That rapport chimes with the needs of clients or Wall Street, of course. And deals do happen without personal rapport (i.e., when WPP Group's Sir Martin Sorrell acquired Chris Ingram's Tempus). But it seems inevitable the ad agency world will shrink to five or six major holding companies from eight within the next year. A more interesting analysis is to look at the three men that now need to act.
Alain de Pouzilhac will be the one whose mind is most exercised right now. Mr. Levy, his arch rival, has stolen a giant march on him, and suddenly Publicis is twice the size of Havas. It was bad enough before the Bcom3 shock news: Havas had produced disappointing earnings reports compared with Publicis.
Previously an acquirer, Mr. de Pouzilhac now may find himself prey and not hunter, on the receiving end of a bid from one of the Big Four rather than sniffing out his own next target. He is a clever man, underrated by many in an Anglo-Saxon dominated world. But Mr. de Pouzilhac is about to be sorely tested.
No one should underestimate Grey Global Group's Ed Meyer. The septuagenarian continues to exert more control over Grey than any other individual executive does over any other agency network. That he owns roughly a third of the stock and has voting rights over another third explains a lot. Mr. Meyer's fiercely independent stance had rewarded Grey's shareholders with apparently inexorable quarter upon quarter growth. But the late `90s brought the twin threat of recession and other people's consolidations.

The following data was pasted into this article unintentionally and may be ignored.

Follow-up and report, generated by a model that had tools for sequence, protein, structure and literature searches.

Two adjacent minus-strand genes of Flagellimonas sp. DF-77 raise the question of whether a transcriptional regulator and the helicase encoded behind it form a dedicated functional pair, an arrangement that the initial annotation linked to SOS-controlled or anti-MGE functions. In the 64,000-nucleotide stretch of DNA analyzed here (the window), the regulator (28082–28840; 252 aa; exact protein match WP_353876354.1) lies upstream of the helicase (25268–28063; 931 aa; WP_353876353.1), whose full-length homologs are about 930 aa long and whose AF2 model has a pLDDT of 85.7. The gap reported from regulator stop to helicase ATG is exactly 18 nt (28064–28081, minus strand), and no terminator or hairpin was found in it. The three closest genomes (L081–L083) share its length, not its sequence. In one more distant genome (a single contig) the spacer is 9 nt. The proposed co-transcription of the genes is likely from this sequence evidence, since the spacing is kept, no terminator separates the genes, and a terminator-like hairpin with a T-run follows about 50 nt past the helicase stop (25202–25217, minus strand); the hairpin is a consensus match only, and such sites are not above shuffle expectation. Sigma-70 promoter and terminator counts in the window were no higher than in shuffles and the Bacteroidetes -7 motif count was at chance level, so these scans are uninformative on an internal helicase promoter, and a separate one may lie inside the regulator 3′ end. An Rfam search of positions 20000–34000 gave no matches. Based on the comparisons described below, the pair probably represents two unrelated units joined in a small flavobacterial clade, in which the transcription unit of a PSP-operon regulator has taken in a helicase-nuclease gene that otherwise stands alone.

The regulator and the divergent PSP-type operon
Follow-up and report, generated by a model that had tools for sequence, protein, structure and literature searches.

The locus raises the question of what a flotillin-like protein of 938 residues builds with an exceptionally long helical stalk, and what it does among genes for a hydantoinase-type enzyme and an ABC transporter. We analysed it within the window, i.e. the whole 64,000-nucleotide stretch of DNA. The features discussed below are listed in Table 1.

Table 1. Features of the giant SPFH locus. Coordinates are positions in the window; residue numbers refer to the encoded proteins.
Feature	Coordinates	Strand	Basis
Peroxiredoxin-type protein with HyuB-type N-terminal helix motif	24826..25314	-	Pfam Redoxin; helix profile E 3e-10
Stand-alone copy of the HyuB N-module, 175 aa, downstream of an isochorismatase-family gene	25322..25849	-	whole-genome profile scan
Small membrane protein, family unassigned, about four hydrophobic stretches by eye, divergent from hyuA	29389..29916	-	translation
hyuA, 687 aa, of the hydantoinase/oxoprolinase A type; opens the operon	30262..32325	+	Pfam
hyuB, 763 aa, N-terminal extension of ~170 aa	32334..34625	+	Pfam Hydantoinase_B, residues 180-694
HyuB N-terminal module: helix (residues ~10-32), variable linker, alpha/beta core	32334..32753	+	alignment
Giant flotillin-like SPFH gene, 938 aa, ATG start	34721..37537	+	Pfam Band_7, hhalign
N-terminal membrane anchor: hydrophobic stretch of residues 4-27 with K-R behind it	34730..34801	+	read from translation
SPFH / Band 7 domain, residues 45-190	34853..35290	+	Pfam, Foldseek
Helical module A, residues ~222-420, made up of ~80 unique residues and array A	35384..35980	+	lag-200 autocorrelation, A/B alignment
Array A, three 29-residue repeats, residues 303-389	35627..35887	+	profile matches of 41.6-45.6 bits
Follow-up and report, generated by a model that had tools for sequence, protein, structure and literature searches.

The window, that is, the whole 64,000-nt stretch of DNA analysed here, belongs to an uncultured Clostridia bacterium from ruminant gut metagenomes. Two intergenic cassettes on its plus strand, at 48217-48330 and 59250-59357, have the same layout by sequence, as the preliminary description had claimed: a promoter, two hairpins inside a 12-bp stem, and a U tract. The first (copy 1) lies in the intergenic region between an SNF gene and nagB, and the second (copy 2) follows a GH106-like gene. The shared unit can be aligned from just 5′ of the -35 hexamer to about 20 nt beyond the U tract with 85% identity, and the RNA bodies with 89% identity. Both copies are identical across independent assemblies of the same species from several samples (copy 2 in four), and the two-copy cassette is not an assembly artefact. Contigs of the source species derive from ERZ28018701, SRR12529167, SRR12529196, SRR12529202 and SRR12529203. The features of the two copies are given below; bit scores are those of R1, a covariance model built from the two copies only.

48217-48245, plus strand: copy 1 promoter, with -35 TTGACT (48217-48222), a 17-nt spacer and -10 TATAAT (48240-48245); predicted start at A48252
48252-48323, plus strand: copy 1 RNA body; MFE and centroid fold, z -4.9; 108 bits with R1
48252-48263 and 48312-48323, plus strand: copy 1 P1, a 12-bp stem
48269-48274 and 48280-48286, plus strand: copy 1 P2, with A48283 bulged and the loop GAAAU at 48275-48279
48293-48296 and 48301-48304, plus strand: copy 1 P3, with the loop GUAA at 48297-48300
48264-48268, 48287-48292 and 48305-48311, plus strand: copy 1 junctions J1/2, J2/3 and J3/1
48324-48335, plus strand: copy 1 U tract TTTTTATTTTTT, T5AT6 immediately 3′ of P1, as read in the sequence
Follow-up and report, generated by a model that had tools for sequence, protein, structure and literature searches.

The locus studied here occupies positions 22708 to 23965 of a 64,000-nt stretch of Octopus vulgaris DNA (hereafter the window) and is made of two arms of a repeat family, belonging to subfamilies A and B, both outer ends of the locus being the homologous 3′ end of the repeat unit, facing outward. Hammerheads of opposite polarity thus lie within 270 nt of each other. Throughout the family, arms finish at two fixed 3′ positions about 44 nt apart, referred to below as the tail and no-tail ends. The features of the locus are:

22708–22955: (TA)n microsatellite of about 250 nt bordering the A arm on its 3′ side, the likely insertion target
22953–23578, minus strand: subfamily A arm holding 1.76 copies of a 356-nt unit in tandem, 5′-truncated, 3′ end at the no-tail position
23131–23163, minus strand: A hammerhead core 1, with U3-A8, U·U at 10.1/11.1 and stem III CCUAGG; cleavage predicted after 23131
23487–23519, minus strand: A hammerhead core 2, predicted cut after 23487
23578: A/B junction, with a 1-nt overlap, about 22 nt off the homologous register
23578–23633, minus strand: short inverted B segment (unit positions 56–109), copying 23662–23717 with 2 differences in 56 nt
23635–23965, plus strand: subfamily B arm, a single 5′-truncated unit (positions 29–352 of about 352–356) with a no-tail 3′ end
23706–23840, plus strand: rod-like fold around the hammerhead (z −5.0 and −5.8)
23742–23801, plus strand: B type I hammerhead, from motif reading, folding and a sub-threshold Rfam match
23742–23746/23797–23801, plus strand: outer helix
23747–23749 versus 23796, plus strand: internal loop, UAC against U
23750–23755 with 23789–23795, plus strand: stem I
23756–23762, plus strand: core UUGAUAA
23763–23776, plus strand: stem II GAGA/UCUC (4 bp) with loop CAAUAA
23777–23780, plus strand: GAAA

Once it is publicly held, however, it is no longer enough for a company to succeed on its own terms. It has to perform well in relation to the other companies in its sector. Therefore, because the quickening consolidation we have seen over the past few years has been accepted as "positive" for the companies involved, there has been a negative impact on the isolationist Grey by default.
Of course, Procter & Gamble's presence on Grey's roster will influence its potential merger partners. WPP and Interpublic Group of Cos. look difficult because of their links to Unilever.
How Cordiant Communications Group's Michael Bungey must wish he had that problem. His lack of global accounts has made Cordiant the comparative basket case of the remaining groups. Cordiant's is the only case that could be described as a fire sale. It is impossible to see how Mr. Bungey can be the buyer he always insists he is.
If I was forced to plump for the next move, it would be Cordiant. That's because Mr. Bungey is under the most pressure from investors of anyone in the sector. He will lose his job if he cannot find a solution. The trouble is that solution may also cost him that same job.
Whatever happens next, you can be sure it's as much personal as business.
Stefano Hatfield is editorial director of Ad Age Global and Creativity.